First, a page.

Pasta makers'' business cooking as economy drops
January 21, 2009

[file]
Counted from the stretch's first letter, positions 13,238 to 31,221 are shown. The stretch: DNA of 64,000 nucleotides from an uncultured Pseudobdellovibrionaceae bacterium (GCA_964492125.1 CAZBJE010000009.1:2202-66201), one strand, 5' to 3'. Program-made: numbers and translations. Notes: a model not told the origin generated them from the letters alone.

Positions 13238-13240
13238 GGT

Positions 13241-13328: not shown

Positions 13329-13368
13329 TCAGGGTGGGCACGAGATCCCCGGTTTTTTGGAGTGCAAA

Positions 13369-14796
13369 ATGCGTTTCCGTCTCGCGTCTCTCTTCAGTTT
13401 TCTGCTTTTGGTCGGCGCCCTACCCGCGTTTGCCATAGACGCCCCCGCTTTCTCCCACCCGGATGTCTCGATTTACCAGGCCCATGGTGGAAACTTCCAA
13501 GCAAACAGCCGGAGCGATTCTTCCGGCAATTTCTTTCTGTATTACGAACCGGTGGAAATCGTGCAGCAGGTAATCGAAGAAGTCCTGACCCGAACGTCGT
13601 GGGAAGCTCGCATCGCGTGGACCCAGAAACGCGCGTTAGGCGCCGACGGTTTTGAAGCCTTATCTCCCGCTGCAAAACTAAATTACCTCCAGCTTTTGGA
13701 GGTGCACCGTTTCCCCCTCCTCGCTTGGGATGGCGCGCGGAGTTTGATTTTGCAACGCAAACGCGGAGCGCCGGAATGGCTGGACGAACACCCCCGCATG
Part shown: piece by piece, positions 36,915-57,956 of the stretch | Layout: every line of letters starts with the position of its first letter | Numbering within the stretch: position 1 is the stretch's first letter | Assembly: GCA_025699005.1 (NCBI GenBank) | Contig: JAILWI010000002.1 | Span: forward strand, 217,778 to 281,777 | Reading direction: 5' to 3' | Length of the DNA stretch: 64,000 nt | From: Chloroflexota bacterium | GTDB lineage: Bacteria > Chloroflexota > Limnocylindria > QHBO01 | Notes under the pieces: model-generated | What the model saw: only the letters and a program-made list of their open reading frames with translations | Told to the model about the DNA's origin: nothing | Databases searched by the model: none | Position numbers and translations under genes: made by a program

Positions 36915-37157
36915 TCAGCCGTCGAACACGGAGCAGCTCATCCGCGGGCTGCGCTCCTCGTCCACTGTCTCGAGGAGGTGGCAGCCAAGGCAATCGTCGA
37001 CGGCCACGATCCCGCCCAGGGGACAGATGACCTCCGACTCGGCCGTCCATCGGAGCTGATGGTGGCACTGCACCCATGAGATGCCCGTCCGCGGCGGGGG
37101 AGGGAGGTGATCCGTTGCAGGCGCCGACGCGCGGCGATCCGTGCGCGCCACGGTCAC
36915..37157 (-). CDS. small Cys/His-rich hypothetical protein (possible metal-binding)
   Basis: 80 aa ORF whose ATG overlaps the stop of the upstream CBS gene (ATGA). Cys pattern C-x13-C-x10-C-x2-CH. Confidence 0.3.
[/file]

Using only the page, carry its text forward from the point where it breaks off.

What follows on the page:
As struggling consumers turn to casseroles, soup, pasta salad and good old macaroni and cheese to stretch their food dollars, the nation''s pasta makers are returning to a rolling boil after many years overshadowed by the low-carbohydrate fad. The Associated Press reports that sales of pasta products in the United States -- including frozen and refrigerated pasta, canned pasta, soup mixes and prepared dinners -- rose 5 percent last year to $6.4 billion, according to Kansas City-based American Italian Pasta Co., the nation''s largest manufacturer of dry pasta. Most of that increase came as manufacturers passed along a stiff jump in the price of wheat and other costs. Total U.S. pasta consumption rose 0.4 percent by volume, according to The Nielsen Co., although those numbers don''t include sales at Wal-Mart Stores Inc., where industry officials say noodle numbers grew even faster. The volume increase is particularly welcome because pasta consumption had been falling 1 percent or 2 percent annually for years because of high-protein diet fads, according to a spokeswoman for the National Pasta Association. The U.S. division of Italy-based Barilla Group, the world''s largest pasta manufacturer, saw a 15 percent boost in pasta volume and a 22 percent increase in sales. The company, which makes Barilla-branded pasta, has also seen success with pasta made with whole wheat or extra fiber, calcium, omega-3 and other nutrients. In 2008, consumption of dry pasta hit its highest level since 2003, according to American Italian Pasta, which makes consumer brands such as Ronco, Mueller''s and Pennsylvania Dutch and supplies pasta for in-house grocery store brands and for manufacturers who use pasta in prepared dishes.